# 2008 Research Summary

## Structural Gain in Network Communication Problems

View Current Project Information

Bobak Anthony Nazer and Michael Gastpar

Random coding arguments are at the core of most channel capacity achievability proofs. The basic idea is as follows. First, choose several random variables with an appropriate joint distribution. Then, generate high-dimensional codebooks with entries drawn i.i.d. according to this joint distribution. Finally, analyze the error performance of this strategy in expectation and use this to show the existence of at least one good set of codebooks.

Amazingly, this proof technique takes us quite far in network information theory. It has been used to find the capacity region of the multiple-access channel, stochastically degraded broadcast channel, and physically degraded relay channel to name a few. However, an elegant multiterminal problem developed by Korner and Marton showed that random code constructions are not always sufficient; structured random codes, such as linear or lattice codes, may be required [1]. The essential feature of linear (and lattice) codes is that the sum of two codewords is always a codeword itself. This allows one to perform linear operations on codewords themselves and get a meaningful result.

In previous work, we showed that structured codes can be extremely useful for computing functions over multiple-access channels [2]. If the multiple-access channel is a noisy linear function of its inputs, then using the same linear (or lattice) code at each encoder can convert the channel into a reliable computation unit. The computation rate of the system is increased proportionally to the number of users regardless of the correlations between observations. We call this improvement structural gain as it comes from taking advantage of the algebraic structure of the problem rather than choosing an appropriate probability distribution. Similar gains can be shown in non-linear problems as well.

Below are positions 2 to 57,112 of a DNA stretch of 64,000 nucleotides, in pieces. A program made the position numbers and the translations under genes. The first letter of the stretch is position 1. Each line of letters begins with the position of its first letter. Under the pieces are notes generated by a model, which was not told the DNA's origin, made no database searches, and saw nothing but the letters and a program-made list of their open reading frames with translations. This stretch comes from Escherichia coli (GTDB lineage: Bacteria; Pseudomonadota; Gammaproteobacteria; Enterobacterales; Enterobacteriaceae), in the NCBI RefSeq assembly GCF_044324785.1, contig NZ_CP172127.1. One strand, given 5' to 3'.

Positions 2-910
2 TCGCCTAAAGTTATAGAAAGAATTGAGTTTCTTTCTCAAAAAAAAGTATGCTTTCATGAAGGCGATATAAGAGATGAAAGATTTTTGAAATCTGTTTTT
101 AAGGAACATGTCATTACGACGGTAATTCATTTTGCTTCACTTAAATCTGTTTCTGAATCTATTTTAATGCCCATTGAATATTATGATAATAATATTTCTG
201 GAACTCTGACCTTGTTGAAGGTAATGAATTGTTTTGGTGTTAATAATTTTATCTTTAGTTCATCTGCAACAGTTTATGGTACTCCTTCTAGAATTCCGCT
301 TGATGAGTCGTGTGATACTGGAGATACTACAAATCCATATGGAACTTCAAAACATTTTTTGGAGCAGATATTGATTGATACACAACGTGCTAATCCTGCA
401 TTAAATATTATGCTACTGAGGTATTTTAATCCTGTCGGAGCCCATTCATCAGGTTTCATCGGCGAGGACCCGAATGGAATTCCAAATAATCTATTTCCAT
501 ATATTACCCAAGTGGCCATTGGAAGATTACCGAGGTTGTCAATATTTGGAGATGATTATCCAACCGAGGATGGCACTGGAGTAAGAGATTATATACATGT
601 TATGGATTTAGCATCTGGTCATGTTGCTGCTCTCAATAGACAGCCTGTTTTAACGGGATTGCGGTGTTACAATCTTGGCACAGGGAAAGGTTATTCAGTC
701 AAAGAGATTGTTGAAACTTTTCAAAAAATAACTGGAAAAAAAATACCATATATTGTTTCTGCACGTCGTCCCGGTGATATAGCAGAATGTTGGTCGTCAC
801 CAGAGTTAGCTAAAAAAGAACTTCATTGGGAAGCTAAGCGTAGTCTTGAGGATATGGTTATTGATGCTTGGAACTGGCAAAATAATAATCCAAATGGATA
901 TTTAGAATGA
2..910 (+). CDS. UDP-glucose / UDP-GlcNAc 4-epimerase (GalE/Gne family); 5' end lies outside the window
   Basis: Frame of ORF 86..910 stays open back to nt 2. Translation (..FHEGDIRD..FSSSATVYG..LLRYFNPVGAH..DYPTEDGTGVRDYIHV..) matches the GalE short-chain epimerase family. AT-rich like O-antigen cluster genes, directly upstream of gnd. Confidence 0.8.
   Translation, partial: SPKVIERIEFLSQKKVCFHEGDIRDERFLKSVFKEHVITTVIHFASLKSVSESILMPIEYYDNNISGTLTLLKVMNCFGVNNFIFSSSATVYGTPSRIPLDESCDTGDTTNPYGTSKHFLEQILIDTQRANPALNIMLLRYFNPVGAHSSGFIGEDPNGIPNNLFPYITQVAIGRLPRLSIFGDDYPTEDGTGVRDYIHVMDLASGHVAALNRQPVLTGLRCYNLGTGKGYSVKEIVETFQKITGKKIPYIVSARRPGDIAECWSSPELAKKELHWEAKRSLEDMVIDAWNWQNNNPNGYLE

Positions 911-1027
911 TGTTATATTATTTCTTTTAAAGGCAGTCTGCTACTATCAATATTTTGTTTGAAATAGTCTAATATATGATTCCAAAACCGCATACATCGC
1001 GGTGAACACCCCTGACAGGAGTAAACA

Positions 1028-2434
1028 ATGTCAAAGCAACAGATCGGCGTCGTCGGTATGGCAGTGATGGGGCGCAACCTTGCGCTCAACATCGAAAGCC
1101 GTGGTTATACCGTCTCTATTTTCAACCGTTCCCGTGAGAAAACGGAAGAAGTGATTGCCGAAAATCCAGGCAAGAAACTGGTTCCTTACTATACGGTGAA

We have also shown that structured codes can result in improved performance when we are only interested in communicating bits across a network [2-4]. For instance, in a network coding scenario, we may only be interested in sending a function of messages down certain paths in the network. Our tools allow us to directly compute these functions "on-the-air" rather than have to collect individual messages and then compute [4]. We are currently working on generalizing our coding scheme beyond network coding and distributed computation. In essence, our scheme allows one to harness interference in networks to do distributed linear processing in a reliable fashion. Usually, interference is perceived as an obstacle to communication but with structured codes it can become a boon.

Figure 1: In a random codebook, the sum of two codewords is not a codeword. However, in a lattice code book the sum of two codewords is always a codeword.

- [1]
- J. Korner and K. Marton, "How to Encode the Modulo-Two Sum of Binary Sources,"
*IEEE Transactions on Information Theory,*Vol. 25, No. 2, March 1979, pp. 219-221. - [2]
- B. Nazer and M. Gastpar, "Computation over Multiple-Access Channels,"
*IEEE Transactions on Information Theory, Special Issue on Models, Theory, and Codes for Relaying and Cooperation in Communication Networks,*Vol. 53, No. 10, October 2007, pp. 3498-3516. - [3]
- B. Nazer and M. Gastpar, "The Case for Structured Random Codes in Network Communication Theorems,"
*Information Theory Workshop (ITW 2007),*Lake Tahoe, CA, September 2007. - [4]
- B. Nazer and M. Gastpar, "Lattice Coding Increases Multicast Rates for Gaussian Multiple-Access Networks,"
*Proceedings of 45th Annual Allerton Conference on Commununication, Control and Computation,*Monticello, IL, September 2007.